Breakfast BARF (Biologically Appropriate Raw Food)
· 10 lbs whole ground chicken (raw and deskinned)
· 2 lbs ground lean beef (raw) or get cheaper high-fat content but cook the fat out and drain/rinse
· 3 tsp ground eggshells (mash then bake at 350 F for 10 minutes and then grind to powder)
· 5 free-range eggs (rinse & save egg shells for future use)
· 1 oz fresh, peeled garlic
· 1 oz fresh ginger
· 1/3 cup organic sunflower seeds
· 1/3 cup organic wheat flakes, cracked wheat or wheat germ
· 1/3 cup organic rolled oats
Dash organic apple cider vinegar
· Dash extra virgin olive oil
· Dash organic black strap molasses
· 6 oz natural organic plain yogurt (lowest sugar)
· Shitake mushrooms, steeped in broth
· 2 pieces of fruit (apple, banana, orange, kiwi, apricot or whatever is in season)
· homemade broth (any kind)
· Handful of various vegetables, but mostly greens (e.g. collard greens or kale or mustard greens; parsley or cilantro, sweet potato, carrot, green pepper, cucumber, squash, celery, eggplant or whatever is in season)
· 1 cup cooked organic brown rice (optional)
Put ground chicken and beef in a giant stainless steel pot. Add eggshells and eggs. Peel and chop garlic and ginger and add to pot. Put sunflower seeds, wheat germ and oats in blender (an Osterizer works well) and pulse until ground, then add to pot. Next cut up fruit and put in blender with vinegar, olive oil, yogurt and molasses. Blend everything together (the container should not be more than half full of the fruit mixture or you are making too much). Add the fruit mixture to the pot. Last, wash and chop the vegetables then add to the blender. Use just enough broth/water to make the mixture blend. Your predominant ingredient should be the greens and then about ½ to ¾ cup of everything else. The blender container should be completely full before you add it to the pot. The vegetables should come from all different groups so that you don’t get too much of any one kind (e.g. starchy vegetables like carrots or sweet potato or cruciferous vegetables like cauliflower or broccoli). There are some fruits and vegetables you never want to use, like white potatoes, onions and grapes. Otherwise, you can experiment with whatever is in season, reasonably priced or leftover from your own cooking. I’ve heard that raw yams are toxic so if I use yams I peel them, cut them in small pieces and then boil them in water first until they are soft. If you need the food to last longer, you can put some rice in, but it is a filler and dogs do not gain any nutritional value from it.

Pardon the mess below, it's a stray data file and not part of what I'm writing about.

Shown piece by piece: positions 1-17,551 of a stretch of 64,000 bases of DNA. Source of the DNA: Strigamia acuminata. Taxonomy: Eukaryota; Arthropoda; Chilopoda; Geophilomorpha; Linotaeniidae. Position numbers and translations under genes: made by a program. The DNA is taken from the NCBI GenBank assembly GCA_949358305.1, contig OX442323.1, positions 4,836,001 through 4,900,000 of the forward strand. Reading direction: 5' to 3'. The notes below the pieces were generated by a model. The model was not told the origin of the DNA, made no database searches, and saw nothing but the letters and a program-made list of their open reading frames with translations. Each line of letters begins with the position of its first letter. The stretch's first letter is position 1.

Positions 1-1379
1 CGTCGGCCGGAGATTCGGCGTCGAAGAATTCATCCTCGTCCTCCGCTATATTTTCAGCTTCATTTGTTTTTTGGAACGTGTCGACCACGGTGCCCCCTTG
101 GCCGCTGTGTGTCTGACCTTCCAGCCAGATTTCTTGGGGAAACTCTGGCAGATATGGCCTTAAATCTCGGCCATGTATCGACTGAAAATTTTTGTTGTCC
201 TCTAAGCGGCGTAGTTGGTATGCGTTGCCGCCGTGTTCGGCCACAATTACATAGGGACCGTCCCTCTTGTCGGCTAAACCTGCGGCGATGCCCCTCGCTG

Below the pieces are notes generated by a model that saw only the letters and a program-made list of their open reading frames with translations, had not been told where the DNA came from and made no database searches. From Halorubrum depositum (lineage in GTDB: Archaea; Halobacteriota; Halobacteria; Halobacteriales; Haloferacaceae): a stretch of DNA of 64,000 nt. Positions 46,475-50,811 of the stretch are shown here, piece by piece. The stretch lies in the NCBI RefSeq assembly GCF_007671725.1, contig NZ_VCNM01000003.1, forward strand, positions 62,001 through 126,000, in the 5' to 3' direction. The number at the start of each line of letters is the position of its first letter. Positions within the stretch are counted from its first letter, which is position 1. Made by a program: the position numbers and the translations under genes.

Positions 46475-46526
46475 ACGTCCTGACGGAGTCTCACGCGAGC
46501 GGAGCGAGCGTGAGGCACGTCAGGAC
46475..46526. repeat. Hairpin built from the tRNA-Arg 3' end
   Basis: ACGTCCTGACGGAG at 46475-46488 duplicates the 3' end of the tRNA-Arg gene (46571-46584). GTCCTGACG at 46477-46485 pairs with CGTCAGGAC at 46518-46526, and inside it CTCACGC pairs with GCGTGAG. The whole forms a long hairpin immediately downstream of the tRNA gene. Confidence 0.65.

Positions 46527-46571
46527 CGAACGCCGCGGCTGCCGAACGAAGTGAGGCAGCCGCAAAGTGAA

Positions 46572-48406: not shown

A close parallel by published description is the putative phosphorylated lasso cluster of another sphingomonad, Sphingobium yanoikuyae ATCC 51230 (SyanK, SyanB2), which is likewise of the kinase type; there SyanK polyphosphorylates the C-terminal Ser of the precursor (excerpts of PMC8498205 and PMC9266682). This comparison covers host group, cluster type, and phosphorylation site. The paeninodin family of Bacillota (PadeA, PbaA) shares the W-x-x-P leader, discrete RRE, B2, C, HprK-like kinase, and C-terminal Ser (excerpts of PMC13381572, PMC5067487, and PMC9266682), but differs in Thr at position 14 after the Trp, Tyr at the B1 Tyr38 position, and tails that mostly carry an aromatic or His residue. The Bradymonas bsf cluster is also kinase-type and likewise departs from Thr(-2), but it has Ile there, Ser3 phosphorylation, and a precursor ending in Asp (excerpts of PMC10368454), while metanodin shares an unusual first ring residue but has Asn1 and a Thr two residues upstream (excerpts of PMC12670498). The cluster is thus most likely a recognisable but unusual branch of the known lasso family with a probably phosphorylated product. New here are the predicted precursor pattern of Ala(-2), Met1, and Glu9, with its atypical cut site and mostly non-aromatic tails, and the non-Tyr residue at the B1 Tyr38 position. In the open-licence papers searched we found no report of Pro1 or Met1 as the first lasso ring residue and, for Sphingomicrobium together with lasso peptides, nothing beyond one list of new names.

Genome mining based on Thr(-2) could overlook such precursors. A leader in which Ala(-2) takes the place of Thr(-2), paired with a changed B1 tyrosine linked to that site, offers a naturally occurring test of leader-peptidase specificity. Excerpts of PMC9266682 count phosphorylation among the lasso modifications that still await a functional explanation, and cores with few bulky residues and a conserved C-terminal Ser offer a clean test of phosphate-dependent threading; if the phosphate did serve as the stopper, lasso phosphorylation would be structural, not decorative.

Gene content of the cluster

Once everything is in the pot then mash it together. Then ladle the mixture into one-quart Ziploc bags or reusable containers and weigh each one on a 10 lb kitchen scale. Each bag should equal at least 1% of your dog’s body weight. My dogs weigh around 85 to 95 lbs, and I fill each Ziploc bag to weigh 1 to 1 ¼ lb. depending on whether it is summer or winter. Lay the filled bag on the counter and squeeze out the air and seal flat. The bags stack up well in old grocery bags and then freeze them immediately. Thaw them out the night before use. Serve Mo, Tu, Th, Fr, Sa and Su mornings.
Supplements to be mixed in with breakfast BARF: 3 squirts Bravo salmon oil, 1 tsp Norwegian cod liver oil, one tablet each of Vitamins B complex, Ester C (500 i.u.), natural E (200 i.u.), alfalfa and kelp (low dose). The vitamins and supplements must be adjusted according to your dog’s weight. Senior dogs get a Glyco-Flex tablet too. I do not feed these supplements on Wednesday and Saturday and on Fridays and Mondays I usually leave out Vitamins C and B. On Wednesday the dogs get fish food blend (see below) with evening primrose oil as their supplement.
Fish Food Blend: Same as regular Breakfast BARF but substitute 5 lbs of Costco tuna, 5 cans mackerel and 1 can sardines for chicken. Also substitute cottage cheese for yogurt and omit garlic. Increase eggshells to 5 tsp as the fish food does not contain any bones for calcium. Serve Wednesday morning.
Offal Blend: Take several packages of offal (e.g., 2 containers chicken livers, 1 package chicken gizzards, 1 package beef heart, 1 package beef kidney) and chop them up into cubes. Remove any excess fat. Put individual servings in reusable plastic containers based on 1% of your dog’s body weight along with a ladle or two of chicken broth. Serve Saturday evening. (One of my dogs hates chicken livers so now I just use gizzards and beef heart.)